How are we doing? ONS update personal wellbeing indicators and figures at Local Authority level

How are we doing as a nation?  How is personal wellbeing in my area?

The Office National Statistics (ONS) has been measuring wellbeing, or “how we are doing” as a nation since 2011. By looking beyond traditional measures of progress such as a healthy economy, we can provide further information on what matters most to the UK public. The Stiglitz Sen Fitoussi report, published in 2009, first acknowledged this and evidenced the increasing gap between objective measures such as economic indicators (such as GDP) and subjective measures such as individual perceptions of wellbeing and progress.

The recent update to the ONS 41 indicators of wellbeingonswheelsept16 highlights the differences between subjective and objective measures, such as

  •  unemployment levels continue to fall, but fewer people are content with their jobs
  • although there have been improvements in healthy life expectancy, individuals’ satisfaction with their health has fallen
  • despite increasing voter turnout at general elections, trust in national government is decreasing.

This is why we believe it is important to have wellbeing at the forefront of policy making, as by reporting only against traditional economic measures, we are painting a picture that may be misaligned with how people are feeling and what matters to them.

How is my area doing?

The personal wellbeing indicators are one of the important ways in which we can measure, subjectively, how people are feeling in the UK.

wellbeingmapThe local authority personal wellbeing estimates released today, with an interactive map and explorer, allow policy makers, local authorities and individuals to explore personal well-being in their area, compare to other areas and track changes over time.

Using this alternative dimension, measures of wellbeing can provide a broader picture of local and national progress.

Wellbeing indicator update → National Wellbeing Dataset

LA personal wellbeing estimates → Interactive Map  and Explorer

 

What can we learn from £40M invested into wellbeing?

ewanprofile

Here, the Centre’s Ewan Davison takes a look at the Big Lottery Fund’s Wellbeing 2 programme and evaluation.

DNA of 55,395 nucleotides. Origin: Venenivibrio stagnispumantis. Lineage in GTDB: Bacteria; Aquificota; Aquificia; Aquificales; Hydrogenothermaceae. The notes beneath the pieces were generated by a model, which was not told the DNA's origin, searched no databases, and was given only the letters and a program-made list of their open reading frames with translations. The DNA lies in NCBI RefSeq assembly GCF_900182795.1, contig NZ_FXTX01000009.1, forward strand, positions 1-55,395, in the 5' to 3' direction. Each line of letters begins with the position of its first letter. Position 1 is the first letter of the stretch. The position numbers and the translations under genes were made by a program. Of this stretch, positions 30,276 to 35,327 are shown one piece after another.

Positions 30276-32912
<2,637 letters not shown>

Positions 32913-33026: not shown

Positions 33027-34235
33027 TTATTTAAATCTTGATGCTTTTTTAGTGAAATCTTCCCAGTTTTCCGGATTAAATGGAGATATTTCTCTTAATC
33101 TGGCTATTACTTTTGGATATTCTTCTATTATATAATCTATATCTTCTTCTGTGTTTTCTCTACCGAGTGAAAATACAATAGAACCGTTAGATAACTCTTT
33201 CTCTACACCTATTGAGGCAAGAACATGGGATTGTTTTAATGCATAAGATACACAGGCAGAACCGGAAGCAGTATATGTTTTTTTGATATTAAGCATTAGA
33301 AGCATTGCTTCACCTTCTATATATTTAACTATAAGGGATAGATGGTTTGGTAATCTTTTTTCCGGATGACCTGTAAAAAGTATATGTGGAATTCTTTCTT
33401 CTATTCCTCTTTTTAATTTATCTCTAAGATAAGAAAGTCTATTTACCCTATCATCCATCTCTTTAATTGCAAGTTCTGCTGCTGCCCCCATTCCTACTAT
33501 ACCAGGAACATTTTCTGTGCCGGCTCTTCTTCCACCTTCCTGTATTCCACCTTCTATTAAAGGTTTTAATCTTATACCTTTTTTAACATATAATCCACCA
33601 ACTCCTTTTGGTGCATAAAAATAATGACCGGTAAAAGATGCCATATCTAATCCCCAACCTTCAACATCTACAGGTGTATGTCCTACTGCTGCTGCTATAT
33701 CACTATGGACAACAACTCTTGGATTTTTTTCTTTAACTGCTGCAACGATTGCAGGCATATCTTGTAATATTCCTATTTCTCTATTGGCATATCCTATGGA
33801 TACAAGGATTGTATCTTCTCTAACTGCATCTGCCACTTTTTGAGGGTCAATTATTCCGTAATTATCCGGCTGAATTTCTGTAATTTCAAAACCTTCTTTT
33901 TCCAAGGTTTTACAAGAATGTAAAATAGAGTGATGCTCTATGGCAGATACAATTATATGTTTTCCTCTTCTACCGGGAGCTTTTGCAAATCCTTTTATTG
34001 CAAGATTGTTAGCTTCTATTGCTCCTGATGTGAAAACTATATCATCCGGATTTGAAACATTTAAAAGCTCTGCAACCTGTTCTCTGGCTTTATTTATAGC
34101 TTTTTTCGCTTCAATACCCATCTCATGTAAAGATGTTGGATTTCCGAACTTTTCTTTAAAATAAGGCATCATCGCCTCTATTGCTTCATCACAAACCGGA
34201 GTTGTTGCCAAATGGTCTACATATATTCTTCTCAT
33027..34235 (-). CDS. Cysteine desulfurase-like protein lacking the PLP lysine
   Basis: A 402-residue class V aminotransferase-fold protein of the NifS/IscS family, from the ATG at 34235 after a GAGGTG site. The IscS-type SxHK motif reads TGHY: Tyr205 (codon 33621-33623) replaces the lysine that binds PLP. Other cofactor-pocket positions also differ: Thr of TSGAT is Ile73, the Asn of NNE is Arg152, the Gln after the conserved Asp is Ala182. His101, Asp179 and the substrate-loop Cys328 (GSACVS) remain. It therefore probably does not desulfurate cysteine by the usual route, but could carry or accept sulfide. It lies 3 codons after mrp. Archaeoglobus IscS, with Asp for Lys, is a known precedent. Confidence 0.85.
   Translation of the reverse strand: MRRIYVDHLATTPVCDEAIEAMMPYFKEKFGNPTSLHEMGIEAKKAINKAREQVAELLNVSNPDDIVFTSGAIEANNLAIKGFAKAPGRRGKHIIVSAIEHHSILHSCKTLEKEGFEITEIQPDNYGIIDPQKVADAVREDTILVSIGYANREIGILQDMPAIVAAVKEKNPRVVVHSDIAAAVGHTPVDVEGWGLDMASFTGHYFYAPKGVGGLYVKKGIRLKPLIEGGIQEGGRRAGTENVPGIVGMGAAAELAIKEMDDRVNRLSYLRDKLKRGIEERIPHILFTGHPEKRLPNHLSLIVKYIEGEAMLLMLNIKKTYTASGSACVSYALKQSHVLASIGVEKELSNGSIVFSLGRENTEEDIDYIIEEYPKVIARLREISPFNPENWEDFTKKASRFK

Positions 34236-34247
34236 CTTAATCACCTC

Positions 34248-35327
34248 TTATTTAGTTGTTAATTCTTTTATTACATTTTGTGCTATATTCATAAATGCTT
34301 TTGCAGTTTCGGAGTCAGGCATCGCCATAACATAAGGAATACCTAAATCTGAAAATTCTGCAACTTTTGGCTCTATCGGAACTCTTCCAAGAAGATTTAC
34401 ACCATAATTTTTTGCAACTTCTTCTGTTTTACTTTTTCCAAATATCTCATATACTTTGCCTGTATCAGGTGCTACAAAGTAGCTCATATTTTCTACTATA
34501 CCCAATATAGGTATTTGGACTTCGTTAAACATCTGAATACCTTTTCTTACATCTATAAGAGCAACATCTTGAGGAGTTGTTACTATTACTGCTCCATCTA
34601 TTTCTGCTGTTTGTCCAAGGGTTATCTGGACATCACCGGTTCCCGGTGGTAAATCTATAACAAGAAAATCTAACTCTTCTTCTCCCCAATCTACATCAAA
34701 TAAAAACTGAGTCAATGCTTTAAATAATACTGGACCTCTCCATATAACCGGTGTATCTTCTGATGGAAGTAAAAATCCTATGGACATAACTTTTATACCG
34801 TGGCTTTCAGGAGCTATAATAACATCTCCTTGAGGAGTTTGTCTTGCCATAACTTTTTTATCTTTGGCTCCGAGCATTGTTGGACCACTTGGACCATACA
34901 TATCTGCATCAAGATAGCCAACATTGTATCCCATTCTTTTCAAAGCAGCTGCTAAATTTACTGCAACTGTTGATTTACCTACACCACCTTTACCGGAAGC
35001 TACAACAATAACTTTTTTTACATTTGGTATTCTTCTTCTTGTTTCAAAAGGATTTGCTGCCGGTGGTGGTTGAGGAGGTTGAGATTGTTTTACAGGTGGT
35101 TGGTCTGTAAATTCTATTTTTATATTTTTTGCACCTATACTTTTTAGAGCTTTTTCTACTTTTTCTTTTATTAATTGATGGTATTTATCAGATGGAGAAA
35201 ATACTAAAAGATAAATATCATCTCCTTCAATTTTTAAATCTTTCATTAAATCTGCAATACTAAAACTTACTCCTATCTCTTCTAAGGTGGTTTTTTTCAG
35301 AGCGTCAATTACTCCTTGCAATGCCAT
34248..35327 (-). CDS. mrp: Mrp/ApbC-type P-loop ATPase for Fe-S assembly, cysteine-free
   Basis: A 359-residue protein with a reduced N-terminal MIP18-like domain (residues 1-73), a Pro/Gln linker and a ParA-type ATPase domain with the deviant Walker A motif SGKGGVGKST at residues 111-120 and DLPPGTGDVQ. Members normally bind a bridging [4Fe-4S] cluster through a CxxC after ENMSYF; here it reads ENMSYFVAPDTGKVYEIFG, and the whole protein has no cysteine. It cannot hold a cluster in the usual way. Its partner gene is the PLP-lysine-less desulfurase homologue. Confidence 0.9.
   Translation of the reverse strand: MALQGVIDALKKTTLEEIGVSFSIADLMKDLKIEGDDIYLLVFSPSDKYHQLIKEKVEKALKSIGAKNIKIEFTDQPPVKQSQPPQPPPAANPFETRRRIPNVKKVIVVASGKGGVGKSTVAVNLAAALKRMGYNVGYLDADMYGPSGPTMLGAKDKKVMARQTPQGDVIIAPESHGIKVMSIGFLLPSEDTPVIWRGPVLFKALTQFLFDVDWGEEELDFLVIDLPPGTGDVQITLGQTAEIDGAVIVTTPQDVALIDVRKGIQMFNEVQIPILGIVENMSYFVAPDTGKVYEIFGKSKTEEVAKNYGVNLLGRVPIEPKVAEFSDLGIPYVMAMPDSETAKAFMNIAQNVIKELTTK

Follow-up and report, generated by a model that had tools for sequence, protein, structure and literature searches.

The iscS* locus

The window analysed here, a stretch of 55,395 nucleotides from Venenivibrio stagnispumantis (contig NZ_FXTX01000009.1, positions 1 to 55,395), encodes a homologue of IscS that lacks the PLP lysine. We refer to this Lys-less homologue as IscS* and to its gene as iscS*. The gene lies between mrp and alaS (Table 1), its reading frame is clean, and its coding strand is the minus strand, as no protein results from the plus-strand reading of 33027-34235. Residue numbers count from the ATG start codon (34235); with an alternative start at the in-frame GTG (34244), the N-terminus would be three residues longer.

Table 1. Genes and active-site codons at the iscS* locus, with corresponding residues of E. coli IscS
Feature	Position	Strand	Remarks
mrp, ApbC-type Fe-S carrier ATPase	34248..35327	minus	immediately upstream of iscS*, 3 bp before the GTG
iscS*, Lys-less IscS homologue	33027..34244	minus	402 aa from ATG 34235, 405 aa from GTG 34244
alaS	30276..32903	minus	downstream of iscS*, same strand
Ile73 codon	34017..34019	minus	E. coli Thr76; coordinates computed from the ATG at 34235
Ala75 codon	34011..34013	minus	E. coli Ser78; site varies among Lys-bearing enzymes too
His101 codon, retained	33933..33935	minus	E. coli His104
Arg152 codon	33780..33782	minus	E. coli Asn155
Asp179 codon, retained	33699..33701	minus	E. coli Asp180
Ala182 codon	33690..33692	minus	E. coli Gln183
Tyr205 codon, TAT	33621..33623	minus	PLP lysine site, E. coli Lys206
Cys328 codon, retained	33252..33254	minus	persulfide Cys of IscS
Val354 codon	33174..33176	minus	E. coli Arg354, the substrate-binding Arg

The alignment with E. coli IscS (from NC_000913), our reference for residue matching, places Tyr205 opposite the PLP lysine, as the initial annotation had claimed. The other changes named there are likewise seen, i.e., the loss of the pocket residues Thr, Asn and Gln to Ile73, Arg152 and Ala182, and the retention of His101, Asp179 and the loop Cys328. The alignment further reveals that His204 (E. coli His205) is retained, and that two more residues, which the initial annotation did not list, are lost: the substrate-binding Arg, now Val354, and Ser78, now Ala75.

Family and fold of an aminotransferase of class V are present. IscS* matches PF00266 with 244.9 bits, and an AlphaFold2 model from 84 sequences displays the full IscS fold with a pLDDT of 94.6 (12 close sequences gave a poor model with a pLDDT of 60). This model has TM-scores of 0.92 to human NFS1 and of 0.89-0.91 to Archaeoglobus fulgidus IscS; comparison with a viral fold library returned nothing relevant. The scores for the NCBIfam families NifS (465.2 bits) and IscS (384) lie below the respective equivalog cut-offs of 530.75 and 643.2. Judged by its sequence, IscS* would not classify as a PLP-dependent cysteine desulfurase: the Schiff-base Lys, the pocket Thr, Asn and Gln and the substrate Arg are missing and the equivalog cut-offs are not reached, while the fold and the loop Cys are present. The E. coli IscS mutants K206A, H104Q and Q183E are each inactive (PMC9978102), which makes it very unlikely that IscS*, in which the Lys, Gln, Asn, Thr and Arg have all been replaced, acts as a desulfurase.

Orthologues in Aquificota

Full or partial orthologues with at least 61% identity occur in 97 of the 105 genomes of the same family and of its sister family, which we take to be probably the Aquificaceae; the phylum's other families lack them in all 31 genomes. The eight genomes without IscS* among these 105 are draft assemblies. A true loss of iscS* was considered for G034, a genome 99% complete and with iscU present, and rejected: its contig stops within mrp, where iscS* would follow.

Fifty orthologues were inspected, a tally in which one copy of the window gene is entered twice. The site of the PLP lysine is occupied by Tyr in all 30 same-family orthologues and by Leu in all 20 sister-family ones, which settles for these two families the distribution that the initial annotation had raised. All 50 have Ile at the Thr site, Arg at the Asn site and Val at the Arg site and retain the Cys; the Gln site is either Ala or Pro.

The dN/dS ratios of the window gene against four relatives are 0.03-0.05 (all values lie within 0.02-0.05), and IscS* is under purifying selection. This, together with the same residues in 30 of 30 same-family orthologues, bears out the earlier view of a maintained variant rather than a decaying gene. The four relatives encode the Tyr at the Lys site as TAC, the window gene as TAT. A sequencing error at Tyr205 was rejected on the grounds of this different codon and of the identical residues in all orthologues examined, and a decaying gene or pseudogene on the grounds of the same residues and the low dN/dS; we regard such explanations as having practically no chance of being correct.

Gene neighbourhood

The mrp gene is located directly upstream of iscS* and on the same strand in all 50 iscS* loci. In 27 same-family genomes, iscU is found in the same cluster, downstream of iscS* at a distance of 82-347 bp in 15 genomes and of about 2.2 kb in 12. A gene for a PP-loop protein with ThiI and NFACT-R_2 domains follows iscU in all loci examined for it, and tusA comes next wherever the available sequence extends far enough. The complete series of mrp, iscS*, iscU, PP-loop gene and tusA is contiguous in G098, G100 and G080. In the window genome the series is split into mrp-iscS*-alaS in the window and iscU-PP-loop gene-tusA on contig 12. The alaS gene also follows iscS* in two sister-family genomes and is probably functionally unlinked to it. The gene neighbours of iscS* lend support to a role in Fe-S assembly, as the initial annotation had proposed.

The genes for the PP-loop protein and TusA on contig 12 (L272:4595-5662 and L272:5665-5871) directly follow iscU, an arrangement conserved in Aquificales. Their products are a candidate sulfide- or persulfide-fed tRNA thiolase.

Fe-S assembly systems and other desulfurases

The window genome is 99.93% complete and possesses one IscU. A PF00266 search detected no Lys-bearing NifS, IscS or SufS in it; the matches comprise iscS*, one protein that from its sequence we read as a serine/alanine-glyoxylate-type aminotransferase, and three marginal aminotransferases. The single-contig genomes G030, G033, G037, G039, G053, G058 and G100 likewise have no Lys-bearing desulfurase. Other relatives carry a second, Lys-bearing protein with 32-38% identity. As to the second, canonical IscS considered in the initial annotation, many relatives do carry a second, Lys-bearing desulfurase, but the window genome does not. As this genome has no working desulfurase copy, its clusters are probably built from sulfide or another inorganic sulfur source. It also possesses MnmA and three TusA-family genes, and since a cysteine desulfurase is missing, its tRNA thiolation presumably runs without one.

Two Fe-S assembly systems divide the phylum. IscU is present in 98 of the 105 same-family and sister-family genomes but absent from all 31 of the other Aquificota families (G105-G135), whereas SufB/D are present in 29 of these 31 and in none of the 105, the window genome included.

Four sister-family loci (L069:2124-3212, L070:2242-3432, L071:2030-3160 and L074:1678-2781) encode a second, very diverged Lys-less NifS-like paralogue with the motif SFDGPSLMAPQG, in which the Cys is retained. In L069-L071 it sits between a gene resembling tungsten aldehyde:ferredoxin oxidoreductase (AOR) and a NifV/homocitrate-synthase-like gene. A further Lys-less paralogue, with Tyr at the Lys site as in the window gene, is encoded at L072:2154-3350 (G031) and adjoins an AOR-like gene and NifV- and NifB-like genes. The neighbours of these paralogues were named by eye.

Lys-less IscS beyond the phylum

Following the recent publication of the Wellbeing 2 final evaluation we’ve gathered an overview of the programme, links to evaluations and a series of case studies together as a learning resource 

Wellbeing 2 followed the £160m Wellbeing funding, continuing to support communities to create healthier lifestyles and improve their wellbeing. It funded interventions to improve levels of healthy eating, activity and mental health. But wellbeing is much wider than one particular aspect or determinant, it means a lot of different things to different people – as we’ve learnt from talking to people across the UK about what matters to them. At a high level it’s their quality of life. So, improving quality of our lives and our wellbeing should be the ultimate aim of policy.

blfwellbeing-infographic600px-apr16-final

A really encouraging part of this study was the use of personal wellbeing as a measure; simply put it was asking individuals how they feel using the ONS 4 wellbeing questions. Across the Wellbeing 2 portfolios adults reported an increase in their levels of life satisfaction from 6.2 (on a scale of 0-10) at the start of the interventions to 6.5 at the end to 7.0 at three months post intervention. Life satisfaction is a key measure for wellbeing. There were also positive change reported in feelings of being worthwhile, happiness and anxiety levels. For example: 54% of young people reported a positive change in their mental wellbeing.

For those of us interested in policy, the wellbeing 2 evaluation report is important. We need to look beyond the numbers to try and identify what works, and what doesn’t in delivery and measurement. The report shares a real wealth of qualitative data, insights from projects on what worked across delivery, promoting behavior change, achieving systems change and sustainability.